Newspaper article The Christian Science Monitor

Just Send Me Word

Newspaper article The Christian Science Monitor

Just Send Me Word

Article excerpt

The letters of a young Soviet couple tell of Gulag life and love.

Orlando Figes is a serious scholar and the author of several highly acclaimed books ("A People's Tragedy," "Natasha's Dance," "The Whisperers") on Russian and Soviet history.

But when it came to the subject of his latest book, he more or less tripped over it. One day in 2007 Figes was walking through the lobby of a Moscow human rights organization. Blocking his path were three huge trunks containing about 1,500 letters - a miraculously uncensored cache of love letters that had been exchanged over the course of eight years by a prisoner in the Soviet Gulag and his fiancee. In other words: a historian's dream come true.

Figes spent two years translating the letters and interviewing the couple who wrote them - Lev and Svetlana "Sveta" Mishchenko, then in their 90s. The result is Just Send Me Word, a remarkable love story intertwined with a rare glimpse into a harsh chapter of Soviet history.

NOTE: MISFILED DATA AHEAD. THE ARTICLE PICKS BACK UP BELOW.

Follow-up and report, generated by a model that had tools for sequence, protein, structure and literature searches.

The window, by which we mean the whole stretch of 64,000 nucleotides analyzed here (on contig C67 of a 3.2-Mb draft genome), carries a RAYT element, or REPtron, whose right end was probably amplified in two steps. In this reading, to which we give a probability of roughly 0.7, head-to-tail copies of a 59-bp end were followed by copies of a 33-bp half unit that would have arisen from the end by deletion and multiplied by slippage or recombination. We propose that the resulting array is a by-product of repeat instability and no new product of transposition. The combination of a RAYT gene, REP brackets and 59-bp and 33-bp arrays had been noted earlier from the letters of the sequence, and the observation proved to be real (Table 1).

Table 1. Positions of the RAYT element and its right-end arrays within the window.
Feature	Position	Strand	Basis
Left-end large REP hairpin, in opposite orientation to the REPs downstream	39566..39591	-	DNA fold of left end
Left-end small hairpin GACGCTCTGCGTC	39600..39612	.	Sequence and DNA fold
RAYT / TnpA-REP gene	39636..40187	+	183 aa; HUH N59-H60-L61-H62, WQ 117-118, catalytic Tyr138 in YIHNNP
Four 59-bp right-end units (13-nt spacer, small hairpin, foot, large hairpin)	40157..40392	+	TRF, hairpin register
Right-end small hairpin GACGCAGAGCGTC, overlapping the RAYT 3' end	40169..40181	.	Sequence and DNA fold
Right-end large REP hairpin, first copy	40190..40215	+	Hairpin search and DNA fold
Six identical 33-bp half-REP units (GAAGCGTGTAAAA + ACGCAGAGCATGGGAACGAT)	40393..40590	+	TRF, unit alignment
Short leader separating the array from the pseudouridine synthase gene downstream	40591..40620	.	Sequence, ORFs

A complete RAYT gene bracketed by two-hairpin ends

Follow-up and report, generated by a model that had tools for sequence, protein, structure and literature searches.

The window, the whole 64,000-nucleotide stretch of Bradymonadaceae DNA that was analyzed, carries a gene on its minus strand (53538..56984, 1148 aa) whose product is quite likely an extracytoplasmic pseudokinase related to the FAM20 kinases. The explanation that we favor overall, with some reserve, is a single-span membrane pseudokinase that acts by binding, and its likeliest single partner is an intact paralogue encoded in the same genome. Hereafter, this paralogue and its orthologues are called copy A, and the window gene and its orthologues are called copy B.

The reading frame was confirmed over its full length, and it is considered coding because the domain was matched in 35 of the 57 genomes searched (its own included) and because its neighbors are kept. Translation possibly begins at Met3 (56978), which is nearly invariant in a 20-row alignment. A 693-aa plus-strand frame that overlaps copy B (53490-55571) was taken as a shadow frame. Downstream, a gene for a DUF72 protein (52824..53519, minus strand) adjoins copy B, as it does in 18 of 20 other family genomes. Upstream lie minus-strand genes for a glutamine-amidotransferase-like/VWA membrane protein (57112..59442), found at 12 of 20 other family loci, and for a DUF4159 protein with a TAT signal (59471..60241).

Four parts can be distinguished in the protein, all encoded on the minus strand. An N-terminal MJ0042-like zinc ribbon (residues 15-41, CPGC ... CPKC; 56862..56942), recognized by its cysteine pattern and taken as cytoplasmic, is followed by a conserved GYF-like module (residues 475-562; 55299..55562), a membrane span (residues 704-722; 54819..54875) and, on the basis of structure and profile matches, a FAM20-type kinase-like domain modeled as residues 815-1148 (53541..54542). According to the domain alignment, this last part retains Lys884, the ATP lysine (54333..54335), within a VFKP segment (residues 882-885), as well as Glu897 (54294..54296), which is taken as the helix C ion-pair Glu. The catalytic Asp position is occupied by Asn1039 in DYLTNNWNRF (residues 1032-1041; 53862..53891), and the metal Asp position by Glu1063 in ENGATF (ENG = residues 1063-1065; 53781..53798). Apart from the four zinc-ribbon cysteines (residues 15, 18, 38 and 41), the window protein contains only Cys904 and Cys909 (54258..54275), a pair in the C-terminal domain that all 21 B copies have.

Lev and Svetlana met as physics students at the University of Moscow in the 1930s. (She was one of a half-dozen women in the department.) Rather than love at first sight, the two (both more scientific than romantic) developed "a deep and permanent affinity."

They were first separated when Lev left for war in 1941. Captured by the Germans, he landed in one of the most brutal of Nazi labor camps. He survived the war only to be branded a traitor by his own country (because he spoke excellent German he was accused of cooperating with the Nazis during the war even though in truth he had rather heroically refused to betray his country by becoming a spy) and sentenced to 10 years in a "corrective labor camp" in Siberia.

Ultimately, Svetlana discovered that he was still alive and so began eight years of correspondence - and waiting.

But Lev was fortunate. Highly educated, he was noticed by a powerful fellow prisoner who drew him into a (relatively) privileged circle. …

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